Related: band, glenn, miller, world today, benny goodman
  • Jazz - 1,397 words
    ... used a lot more in jazz combos. Bebop totally redefined the way to improvise in a song, and it is full of creative and unique musical ideas, also called "licks". Famous people such as the saxophonist Charlie Parker, the trumpeter Dizzy Gillespie, and the drummer Max Roach created bebop during the 40s and the Postwar Decades, which was definitely a big leap for jazz. This style of jazz is less restricted, and improvisation involved longer phrases, more choruses, and more emotions. Modal jazz, also called free jazz, has no rules at all. It was created during the late 50s through the 70s. Improvisation has ultimate freedom and so does the songs. A famous trumpeter named Miles Davis helped ...
    Related: free jazz, jazz, miles davis, john coltrane, interpretation
  • Labor Union, Launched In 1866, And The Knights Of Labor, Which Reached Its Zenith In The Mid1880s On Their Face, These Reform - 1,587 words
    ... , BANKER AND ART COLLECTOR. MORGAN HEADED J. P. MORGAN AND COMPANY, THE MOST IMPORTANT FORCE IN AMERICAN FINANCE IN THE QUARTER CENTURY BEFORE WORLD WAR I, A TIME WHEN THE BURGEONING AMERICAN ECONOMY GREW TO BE THE LARGEST AND MOST POWERFUL IN THE WORLD. MORGAN WAS BORN INTO A WEALTHY FAMILY IN HARTFORD, CONNECTICUT. IN 1854, HIS FATHER, JUNIUS SPENCER MORGAN, BECAME A PARTNER OF GEORGE PEABODY'S BANKING HOUSE IN LONDON AND TOOK OVER THE FIRM WHEN PEABODY RETIRED, RENAMING IT J. S. MORGAN AND CO. FROM HIS EARLIEST DAYS MORGAN WAS EXPOSED BOTH TO INTERNATIONAL BANKING AT THE HIGHEST LEVELS AND TO THE IDEA HELD BY PEABODY AND HIS FATHER THAT PERSONAL INTEGRITY WAS INDISPENSABLE TO SUCCESS ...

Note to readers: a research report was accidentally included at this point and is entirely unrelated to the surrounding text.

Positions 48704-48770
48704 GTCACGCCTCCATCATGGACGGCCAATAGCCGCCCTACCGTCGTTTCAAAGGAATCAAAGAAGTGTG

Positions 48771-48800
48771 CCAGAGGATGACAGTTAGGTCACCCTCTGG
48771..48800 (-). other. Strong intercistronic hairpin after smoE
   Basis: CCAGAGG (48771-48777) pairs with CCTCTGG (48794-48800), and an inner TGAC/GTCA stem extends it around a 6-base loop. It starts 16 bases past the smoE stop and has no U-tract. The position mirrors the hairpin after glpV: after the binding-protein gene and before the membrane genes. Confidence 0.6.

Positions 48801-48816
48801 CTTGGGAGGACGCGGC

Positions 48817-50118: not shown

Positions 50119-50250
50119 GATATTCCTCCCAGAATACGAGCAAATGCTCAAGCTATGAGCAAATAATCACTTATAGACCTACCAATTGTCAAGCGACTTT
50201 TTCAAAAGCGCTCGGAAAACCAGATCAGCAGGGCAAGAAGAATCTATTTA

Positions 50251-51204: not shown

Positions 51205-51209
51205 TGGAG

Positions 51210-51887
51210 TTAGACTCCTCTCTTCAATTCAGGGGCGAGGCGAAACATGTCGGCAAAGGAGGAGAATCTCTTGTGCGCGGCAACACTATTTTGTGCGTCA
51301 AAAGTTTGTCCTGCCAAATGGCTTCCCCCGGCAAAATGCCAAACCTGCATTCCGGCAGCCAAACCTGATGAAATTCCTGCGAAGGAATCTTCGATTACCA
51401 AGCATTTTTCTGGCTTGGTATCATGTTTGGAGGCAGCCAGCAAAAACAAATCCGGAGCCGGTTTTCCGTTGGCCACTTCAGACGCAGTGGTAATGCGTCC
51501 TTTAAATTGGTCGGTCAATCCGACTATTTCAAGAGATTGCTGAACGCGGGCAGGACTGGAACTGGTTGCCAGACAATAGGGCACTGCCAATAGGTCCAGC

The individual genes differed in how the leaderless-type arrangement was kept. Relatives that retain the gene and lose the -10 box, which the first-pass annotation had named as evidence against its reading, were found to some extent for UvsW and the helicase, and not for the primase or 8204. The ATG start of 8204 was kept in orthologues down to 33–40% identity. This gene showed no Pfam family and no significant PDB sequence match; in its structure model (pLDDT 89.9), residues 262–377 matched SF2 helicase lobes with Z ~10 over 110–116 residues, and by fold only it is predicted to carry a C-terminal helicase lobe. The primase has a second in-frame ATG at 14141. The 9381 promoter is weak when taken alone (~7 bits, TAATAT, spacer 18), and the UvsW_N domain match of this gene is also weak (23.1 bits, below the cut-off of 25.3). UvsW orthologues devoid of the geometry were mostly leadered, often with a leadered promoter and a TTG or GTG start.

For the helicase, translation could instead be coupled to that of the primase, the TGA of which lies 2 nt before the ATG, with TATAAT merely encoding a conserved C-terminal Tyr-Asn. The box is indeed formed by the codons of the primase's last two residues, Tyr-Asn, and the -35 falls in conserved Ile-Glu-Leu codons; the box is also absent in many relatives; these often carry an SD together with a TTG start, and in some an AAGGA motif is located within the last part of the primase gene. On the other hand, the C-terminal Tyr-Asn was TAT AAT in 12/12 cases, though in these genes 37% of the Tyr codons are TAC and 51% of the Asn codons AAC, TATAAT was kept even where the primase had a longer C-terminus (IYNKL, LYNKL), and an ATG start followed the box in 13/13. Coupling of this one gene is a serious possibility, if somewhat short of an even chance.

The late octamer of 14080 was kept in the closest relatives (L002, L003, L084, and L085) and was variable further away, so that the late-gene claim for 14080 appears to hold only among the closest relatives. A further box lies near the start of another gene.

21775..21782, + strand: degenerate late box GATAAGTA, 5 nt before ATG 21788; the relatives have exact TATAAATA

Related: knights, labor, labor union, reform, zenith
  • Leading With My Chin By: Jay Leno - 721 words
    Leading With My Chin by: Jay Leno Jay Leno is quite an inspiring man. Through his childhood years was lonely yet happy boy. He was forced upon his parents to do certain things he did not want, but he did it until he was forced in not doing it. Jay Leno had a hilarious life growing up and his adventures still reign with him. His most humorous days were his childhood. He was also very mysterious when he was around his friends. Jay Leno wrote this book for many reasons. He wanted to show the world that he came from being a nobody from nowhere to one of the most well known people on the planet. While writing this book Jay Leno recounted many of the ridiculous steps and missteps that have led him ...